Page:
Fly Your Own Kite! The Kite Runner Is Now on DVD!!
Kahled Hosseini’s best-selling booking, The Kite Runner was adapted to film and now is available in DVD format.
The story is based in Kabul, Afghanistan where Amir is a son in a well-to-do family and Hassan, the son of the familly’s servant and a Hazara. The two boys become friends and pass time “kite fighting”. Amir’s father prefers Hassan because he seems more manly in accordance with Afghan tradition. Amir is more bookish and prefers to write and finds that a close family friend provides the emotional support that a young boy needs.
There is a confrontation between another boy and Amir who threatens Amir because Hassan should not be in Kabul because his “race” is inferior. Seeing that Amir is about to be attacked, Hassan stands up to the offender and staves off the attack by threatening to shoot him in the eye with his slingshot. The boy and his cronies slink off to plot revenge.
Life for the two boys changes dramatically when the Soviets invade Afghanistan and Amir and his father leave for American and leave Hassan & his family behind. The Taliban come into power and life is forever changed.
The subsequent story of what happens between these two boys who become men of different ethnic backgrounds and social strata is a drama of redemption, secrets being revealed and love lost and found as the formerly rich boy now a man returns to his homeland to find out what happened to his childhood friend and what has happened to his country.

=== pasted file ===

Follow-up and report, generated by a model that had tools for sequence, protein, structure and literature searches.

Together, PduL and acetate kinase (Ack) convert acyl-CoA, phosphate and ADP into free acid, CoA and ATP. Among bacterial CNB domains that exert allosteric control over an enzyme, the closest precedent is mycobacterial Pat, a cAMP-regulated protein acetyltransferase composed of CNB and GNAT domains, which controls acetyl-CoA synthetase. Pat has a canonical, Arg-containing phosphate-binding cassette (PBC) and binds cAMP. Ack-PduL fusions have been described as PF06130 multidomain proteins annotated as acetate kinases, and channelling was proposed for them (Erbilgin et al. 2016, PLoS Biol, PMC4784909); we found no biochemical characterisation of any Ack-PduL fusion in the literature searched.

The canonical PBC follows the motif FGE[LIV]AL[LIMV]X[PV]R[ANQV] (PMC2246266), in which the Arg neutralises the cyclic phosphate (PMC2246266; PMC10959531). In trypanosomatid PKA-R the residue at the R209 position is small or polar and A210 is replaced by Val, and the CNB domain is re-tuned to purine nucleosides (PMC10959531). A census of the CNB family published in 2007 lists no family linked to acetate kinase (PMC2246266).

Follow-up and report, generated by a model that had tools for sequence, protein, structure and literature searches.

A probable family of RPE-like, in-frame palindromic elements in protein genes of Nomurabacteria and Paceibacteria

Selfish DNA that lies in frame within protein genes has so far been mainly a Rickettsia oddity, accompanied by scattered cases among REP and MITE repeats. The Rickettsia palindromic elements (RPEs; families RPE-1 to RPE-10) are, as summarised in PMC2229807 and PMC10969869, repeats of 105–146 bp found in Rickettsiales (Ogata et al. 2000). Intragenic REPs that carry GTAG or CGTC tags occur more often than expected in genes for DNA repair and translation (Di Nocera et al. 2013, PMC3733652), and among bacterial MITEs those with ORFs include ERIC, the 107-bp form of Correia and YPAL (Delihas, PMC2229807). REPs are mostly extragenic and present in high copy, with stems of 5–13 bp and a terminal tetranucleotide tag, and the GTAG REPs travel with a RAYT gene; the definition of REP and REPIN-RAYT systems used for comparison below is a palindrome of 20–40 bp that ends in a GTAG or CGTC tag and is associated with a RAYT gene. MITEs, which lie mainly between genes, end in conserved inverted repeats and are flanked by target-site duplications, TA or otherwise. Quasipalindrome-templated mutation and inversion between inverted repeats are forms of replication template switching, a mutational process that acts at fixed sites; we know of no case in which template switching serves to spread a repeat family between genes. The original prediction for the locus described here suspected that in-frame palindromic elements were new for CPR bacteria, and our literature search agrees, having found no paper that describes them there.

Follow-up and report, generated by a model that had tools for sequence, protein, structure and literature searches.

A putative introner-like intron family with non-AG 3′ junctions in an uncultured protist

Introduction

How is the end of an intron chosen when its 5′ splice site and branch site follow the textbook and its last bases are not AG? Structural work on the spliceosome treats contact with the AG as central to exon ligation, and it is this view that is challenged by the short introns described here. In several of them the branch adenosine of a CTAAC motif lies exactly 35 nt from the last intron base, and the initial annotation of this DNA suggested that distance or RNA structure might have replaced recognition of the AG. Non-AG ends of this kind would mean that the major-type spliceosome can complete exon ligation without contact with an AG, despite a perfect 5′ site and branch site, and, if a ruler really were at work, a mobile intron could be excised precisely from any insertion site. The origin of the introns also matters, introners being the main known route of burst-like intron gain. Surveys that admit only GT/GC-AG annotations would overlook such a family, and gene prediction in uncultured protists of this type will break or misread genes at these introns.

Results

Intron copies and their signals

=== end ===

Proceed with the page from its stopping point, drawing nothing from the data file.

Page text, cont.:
Amir & the nephew.
The movie is slow– too slow and the dramatic pitch between the two boys is overshadowed by the Soviet invasion and then the rise of the Taliban and horrific deeds committed against the Afghan people.
There is mixed critical and consumer reviews. This was released at holidays 2007 which was probably not the best time to release a film with such devastating and dramatic content. It’s harsh revelations about the Soviets and the Taliban would leave views cold during the holidays. Critics were a bit more forgiving and understood the nature of the movies’ delayed release. The director and producers seemed to have forgotten about how to create a dynamic theme that seems to be consistent throughout the film and carry the two boys forward through their lives while allowing for historical facts to move it forward and propel the ending of the movie in such a way that allows for a conclusion that shows serious and credible evolution in the characters.
If you are interested in seeing this film and realizing what the impact the invasion and the rise of the Taliban had on Afghanistan and even Pakistan, rent the film. As for the drama between the boys and the men they become, it’s a bit too melodramatic, in my humble opinion.
The book is far better at what went on and there is much that is left out of the movie deliberately because of the Taliban still being in power. Reportedly, the boys who appeared in this film and their families had to leave the country to ensure their safety.
Find this movie on Amazon.com where you can also watch a video of the author of The Kite Runner, Khaled Hosseini
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